Rick Springfield, the musician behind the No. 1 hit “Jessie's Girl” who also famously portrayed Dr. Noah Drake in “General Hospital,” doesn't like to dwell on his past success.
Springfield will perform at the KOLA Hot Summer Night event with Eddie Money, Little River Band and Mick Rhodes & The Hard Eight at the Citizens Business Bank Arena in Ontario on Thursday, but makes a point to say: “I don't really look at our tour as a nostalgia act or retro.”
“I do a lot of new songs. I also do the old hits. I even do a loud rock ‘n' roll version of ‘Roar,' the Katy Perry song,” Springfield said in a recent phone interview. “It's important to keep looking forward otherwise you get bored.”
Which is why it's no surprise that outside of singing and acting, Springfield is also an author. In May, he released his fiction book “Magnificent Vibration” and is wrapping up a sequel.
The book, according to his website, details how Bobby Cotton steals a self-help book and calls a 1-800 number written inside that is a direct line to God, which leads to a spirtual journey of sorts.
He also wrote a well received memoir, titled “Late, Late At Night” in 2010, that tackled the highs and lows of his career including depression. He said the book's publisher talked him out of not being as open in the memoir, which he is now pleased about.
“A lot of people have said the things I've said in there, or things brought up, was the truth to them. It's like group therapy. But I don't really give out advice. I don't consider myself qualified to. I just tell them my story,” he said. “If they have specific questions, I'll answer them. But I only answer them from the perspective that I'm there too. I've had to deal with it all my life.”
He's considering a sequel for his 2010 book as well, adding that “a lot of things have happened since.”
But the past still holds plenty of great memories for Springfield, particularly when it comes to hits he created like Grammy-winning “Jessie's Girl” and Grammy-nominated “I Get Excited,” “Don't Talk to Strangers” and “Affair of the Heart.”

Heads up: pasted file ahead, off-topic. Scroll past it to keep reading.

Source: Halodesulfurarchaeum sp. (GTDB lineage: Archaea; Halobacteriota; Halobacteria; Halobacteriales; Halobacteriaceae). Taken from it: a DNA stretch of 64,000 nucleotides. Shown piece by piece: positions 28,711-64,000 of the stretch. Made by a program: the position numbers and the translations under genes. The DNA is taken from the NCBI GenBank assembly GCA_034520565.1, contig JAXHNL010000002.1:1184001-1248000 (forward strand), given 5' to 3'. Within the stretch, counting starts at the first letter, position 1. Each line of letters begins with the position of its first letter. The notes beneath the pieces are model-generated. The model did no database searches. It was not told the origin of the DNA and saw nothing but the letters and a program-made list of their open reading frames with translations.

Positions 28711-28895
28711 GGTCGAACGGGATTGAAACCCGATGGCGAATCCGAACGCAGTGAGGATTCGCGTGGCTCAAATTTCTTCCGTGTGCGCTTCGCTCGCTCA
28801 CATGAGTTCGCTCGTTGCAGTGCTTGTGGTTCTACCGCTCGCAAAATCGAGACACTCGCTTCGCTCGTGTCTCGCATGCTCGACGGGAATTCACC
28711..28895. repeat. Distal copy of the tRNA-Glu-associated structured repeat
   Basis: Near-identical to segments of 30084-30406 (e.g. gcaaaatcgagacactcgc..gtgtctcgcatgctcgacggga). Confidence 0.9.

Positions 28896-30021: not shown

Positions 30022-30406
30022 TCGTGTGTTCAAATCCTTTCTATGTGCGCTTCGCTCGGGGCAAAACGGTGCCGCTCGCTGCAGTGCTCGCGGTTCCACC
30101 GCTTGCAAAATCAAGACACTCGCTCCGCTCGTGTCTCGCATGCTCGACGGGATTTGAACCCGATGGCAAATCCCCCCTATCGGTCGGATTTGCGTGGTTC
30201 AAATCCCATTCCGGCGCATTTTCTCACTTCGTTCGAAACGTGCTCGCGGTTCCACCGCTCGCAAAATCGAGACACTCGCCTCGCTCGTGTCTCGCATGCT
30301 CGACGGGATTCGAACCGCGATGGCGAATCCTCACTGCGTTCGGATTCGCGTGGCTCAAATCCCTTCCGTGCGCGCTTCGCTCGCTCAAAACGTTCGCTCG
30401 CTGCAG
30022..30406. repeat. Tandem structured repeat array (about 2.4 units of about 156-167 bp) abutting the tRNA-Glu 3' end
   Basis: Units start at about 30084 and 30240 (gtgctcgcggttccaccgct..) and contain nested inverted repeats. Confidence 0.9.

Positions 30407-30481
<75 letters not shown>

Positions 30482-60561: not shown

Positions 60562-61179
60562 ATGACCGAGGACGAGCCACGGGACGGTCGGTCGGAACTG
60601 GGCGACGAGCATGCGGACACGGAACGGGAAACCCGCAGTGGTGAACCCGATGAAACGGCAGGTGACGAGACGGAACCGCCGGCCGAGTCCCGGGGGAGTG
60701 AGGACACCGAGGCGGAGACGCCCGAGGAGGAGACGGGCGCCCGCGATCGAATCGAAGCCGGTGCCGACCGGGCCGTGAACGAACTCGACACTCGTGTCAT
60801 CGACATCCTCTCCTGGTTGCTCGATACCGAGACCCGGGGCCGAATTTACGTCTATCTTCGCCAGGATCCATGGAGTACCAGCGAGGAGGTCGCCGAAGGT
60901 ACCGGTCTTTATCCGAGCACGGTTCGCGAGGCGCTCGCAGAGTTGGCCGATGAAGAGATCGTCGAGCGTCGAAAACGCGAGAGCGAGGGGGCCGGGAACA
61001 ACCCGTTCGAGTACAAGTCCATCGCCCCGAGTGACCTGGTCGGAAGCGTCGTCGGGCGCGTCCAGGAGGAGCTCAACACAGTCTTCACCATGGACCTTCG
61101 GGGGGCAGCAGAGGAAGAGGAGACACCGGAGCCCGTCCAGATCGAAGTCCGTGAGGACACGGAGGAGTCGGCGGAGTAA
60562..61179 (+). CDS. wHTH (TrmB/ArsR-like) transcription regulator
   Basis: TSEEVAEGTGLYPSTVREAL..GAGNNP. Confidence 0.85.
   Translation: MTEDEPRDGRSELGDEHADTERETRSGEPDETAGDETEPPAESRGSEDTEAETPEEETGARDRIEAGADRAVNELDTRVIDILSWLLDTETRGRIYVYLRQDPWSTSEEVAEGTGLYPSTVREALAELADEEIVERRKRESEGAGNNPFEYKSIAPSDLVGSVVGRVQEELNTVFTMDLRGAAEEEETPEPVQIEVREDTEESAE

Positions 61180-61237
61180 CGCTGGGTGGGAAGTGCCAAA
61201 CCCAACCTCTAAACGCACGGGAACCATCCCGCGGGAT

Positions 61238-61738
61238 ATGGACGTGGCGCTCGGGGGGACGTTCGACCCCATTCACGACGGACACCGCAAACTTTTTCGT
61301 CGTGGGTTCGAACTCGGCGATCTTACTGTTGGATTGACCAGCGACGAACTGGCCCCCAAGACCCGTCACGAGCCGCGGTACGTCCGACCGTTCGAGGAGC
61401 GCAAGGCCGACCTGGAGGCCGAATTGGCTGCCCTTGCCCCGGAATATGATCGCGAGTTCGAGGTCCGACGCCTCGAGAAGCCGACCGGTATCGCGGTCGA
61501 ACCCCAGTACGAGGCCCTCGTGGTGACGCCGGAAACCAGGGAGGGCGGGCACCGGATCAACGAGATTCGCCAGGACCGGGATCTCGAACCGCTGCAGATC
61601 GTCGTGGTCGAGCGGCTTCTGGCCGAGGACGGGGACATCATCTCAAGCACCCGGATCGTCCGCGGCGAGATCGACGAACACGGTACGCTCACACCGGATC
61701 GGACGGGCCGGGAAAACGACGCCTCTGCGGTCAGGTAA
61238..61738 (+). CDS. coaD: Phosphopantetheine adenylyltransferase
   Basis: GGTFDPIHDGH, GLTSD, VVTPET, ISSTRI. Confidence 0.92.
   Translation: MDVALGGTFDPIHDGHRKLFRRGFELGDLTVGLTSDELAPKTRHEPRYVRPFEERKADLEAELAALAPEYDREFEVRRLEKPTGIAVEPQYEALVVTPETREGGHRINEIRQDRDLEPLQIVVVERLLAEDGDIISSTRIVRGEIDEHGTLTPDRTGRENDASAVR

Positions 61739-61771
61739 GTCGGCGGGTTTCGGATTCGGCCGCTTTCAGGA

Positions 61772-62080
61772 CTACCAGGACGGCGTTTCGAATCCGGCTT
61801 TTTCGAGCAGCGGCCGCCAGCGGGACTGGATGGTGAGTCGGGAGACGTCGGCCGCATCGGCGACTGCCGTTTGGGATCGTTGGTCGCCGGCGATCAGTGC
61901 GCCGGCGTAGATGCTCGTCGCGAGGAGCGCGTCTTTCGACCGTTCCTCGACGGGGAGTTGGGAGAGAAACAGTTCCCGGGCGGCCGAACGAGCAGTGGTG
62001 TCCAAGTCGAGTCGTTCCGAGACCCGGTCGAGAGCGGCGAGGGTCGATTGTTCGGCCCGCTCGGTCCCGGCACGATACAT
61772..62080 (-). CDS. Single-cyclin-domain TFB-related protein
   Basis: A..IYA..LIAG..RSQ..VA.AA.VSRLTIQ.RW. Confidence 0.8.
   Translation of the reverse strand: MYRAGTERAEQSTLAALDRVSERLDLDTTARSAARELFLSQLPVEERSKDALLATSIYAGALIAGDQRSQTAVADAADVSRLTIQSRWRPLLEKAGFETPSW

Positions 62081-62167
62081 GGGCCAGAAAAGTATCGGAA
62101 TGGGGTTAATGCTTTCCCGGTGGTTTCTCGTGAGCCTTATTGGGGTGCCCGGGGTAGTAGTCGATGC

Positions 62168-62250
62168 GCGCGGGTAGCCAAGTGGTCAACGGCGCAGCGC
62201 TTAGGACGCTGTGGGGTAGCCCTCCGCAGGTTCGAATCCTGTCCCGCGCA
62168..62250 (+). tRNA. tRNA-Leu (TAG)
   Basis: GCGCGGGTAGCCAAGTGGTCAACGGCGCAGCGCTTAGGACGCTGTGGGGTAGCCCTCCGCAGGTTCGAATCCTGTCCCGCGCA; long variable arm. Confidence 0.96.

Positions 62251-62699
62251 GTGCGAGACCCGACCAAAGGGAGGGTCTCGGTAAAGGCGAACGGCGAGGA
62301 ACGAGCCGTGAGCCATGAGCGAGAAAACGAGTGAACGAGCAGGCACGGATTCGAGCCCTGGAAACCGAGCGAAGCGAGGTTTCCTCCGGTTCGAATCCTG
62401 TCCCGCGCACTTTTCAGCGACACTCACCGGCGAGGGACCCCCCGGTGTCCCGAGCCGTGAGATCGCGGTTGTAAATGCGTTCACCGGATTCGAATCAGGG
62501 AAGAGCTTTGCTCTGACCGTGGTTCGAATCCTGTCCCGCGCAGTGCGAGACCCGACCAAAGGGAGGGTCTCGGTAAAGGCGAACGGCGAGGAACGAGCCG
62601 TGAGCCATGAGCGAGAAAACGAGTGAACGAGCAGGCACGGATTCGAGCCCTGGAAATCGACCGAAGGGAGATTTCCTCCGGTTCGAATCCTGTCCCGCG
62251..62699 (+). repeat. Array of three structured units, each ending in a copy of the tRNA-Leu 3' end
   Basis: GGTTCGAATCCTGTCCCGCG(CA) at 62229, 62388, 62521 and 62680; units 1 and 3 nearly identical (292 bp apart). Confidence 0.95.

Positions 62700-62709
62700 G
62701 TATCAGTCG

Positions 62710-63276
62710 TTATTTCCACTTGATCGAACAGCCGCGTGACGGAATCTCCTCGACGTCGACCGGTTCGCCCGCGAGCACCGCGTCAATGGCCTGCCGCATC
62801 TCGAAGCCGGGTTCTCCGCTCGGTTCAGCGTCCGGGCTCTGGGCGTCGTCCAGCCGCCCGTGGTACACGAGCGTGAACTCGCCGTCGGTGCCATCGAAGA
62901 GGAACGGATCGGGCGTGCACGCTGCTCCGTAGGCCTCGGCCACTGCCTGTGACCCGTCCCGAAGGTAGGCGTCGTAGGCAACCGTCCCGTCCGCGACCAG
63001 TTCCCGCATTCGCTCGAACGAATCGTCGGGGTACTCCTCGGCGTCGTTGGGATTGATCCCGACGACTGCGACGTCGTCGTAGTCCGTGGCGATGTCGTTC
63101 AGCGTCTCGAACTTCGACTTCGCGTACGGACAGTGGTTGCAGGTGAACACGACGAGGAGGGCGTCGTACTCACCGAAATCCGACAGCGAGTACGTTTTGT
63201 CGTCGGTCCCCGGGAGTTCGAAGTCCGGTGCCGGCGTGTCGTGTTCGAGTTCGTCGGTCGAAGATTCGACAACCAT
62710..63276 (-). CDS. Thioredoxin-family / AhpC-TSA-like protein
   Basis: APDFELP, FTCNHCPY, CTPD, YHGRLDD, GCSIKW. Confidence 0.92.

“I'm proud to have written them,” he said. “They've taken their place in the ‘80s pop landscape.”
As far as his stint on “General Hospital,” Springfield was noncommittal on if he would go back. Springfield first played Dr. Noah Drake in 1981 and has since reappeared from time to time, most recently in 2013 for the show's 50th anniversary.
“I have an allegiance to the show for sure,” he said. ‘I'm not saying I wouldn't go back. But being in a soap opera is the toughest acting gig in the universe. People don't understand how difficult it is to pull off.”
Springfield said in February he caught a ride on the tour bus of Jay DeMarcus of Rascal Flatts and they discussed Springfield possibly making country music.
It's where pop has gone ... the new country,” he said.
Springfield added that he and DeMarcus “wrote a song but we haven't finished it yet.”
When asked if he had advice for younger artists, Springfield said he keeps it basic.
“I say everyone's path is different,” Springfield said. “There is no one route. Really the only thing I say is you have to really, really want it. And stay committed with it through your whole life. Never give up, never give up and never give up. Stay in there when the people aren't applauding.”
KOLA's Hot Summer Night
What: Rick Springfield, Eddie Money, Little River Band and Mick Rhodes & The Hard Eight.
Where: Citizens Business Bank Arena, 4000 E. Ontario Center Parkway, Ontario.
When: 8 p.m. Thursday.
Follow Wes Woods on Twitter: @JournoWes